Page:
The details don't matter today, if you're curious, ask me afterwards, but, yes, this is our sync.Mutex, we have arrived.

Our question now is, what does this cost us? What does this fancy Mutex get us performance-wise? Well, let's see. In the uncontended case, it takes what we'd expect, about 10 nanoseconds, the cost of an atomic compare-and-swap. In the contented case, it seems to take about a microsecond again. That's curious, so let's dig into it more. Let's break down that contended case performance and compare it to the pthread Mutex implementation and see what's going on.

We see that initially, as the number of goroutines increases, as the contention increases, there's a significant difference between the Go performance and C's performance. Eventually, once the concurrency level, the number of goroutines gets high enough that different gets smaller and Go's performance starts to converge with C's performance. Why does that happen? We expect Go to do better than C because of this fancy Mutex implementation, because of goroutines, but, at a high enough concurrency level, that doesn't hold true anymore.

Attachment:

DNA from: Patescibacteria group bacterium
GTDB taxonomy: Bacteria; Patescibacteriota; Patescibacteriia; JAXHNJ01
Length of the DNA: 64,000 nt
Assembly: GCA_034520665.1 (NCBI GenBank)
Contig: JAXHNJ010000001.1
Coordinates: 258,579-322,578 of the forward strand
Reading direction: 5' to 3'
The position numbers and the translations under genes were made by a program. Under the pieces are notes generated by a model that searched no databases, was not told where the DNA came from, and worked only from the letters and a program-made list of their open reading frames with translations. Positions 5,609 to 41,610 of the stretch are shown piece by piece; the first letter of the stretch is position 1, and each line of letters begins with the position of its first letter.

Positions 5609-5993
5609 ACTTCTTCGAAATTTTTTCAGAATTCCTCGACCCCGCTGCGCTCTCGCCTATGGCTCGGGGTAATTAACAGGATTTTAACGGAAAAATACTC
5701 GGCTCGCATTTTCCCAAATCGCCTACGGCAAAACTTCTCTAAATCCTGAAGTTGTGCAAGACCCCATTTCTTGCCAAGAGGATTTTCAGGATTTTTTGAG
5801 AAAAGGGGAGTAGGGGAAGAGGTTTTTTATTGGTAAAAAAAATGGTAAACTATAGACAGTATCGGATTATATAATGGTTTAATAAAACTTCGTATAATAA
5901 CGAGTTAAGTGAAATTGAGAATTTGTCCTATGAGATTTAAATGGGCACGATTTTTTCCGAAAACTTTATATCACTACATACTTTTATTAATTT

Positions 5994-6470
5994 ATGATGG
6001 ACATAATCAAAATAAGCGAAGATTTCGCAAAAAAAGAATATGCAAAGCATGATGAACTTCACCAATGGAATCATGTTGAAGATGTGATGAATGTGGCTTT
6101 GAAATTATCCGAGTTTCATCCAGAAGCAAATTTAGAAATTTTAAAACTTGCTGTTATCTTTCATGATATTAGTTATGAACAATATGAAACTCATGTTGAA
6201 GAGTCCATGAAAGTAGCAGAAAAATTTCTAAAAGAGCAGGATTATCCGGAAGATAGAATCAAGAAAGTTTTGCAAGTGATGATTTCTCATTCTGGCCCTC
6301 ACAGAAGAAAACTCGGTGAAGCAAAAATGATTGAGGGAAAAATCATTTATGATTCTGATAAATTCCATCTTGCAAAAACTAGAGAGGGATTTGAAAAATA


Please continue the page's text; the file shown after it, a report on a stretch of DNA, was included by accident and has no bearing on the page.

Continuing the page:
I'll let you in on a secret. Remember Mutexes use semaphores, and semaphores have that hash table? What happens if you have two goroutines both waiting on variables that hash to the same hash bucket, and need to be added to the same wait queue? It's almost like those hash buckets need to be synchronized. We need per hash bucket locks. It turns of these per hash bucket locks are futexes. What happens at high enough concurrency is, we're seeing thread contention. We have threads contending on getting the hash bucket futex, and so we're paying the thread context switching cost.

Wait a minute, the futexes also had a hash table, so do the futexes also need per hash bucket locks? Yes, they do, and the futexes use spinlocks. We've come full circle, we have Mutexes which use semaphores, which use futexes, which use spinlocks. It's locks all the way down. You know what this reminds me of? Have you all watched the movie, "The Inception"? It's like that but with locks, it's totally wild.

Let’s analyze its performance!

At this point, we're done, it's time to move on. I could stand here and talk about lock internals all day, but let's turn our attention to talking about performance.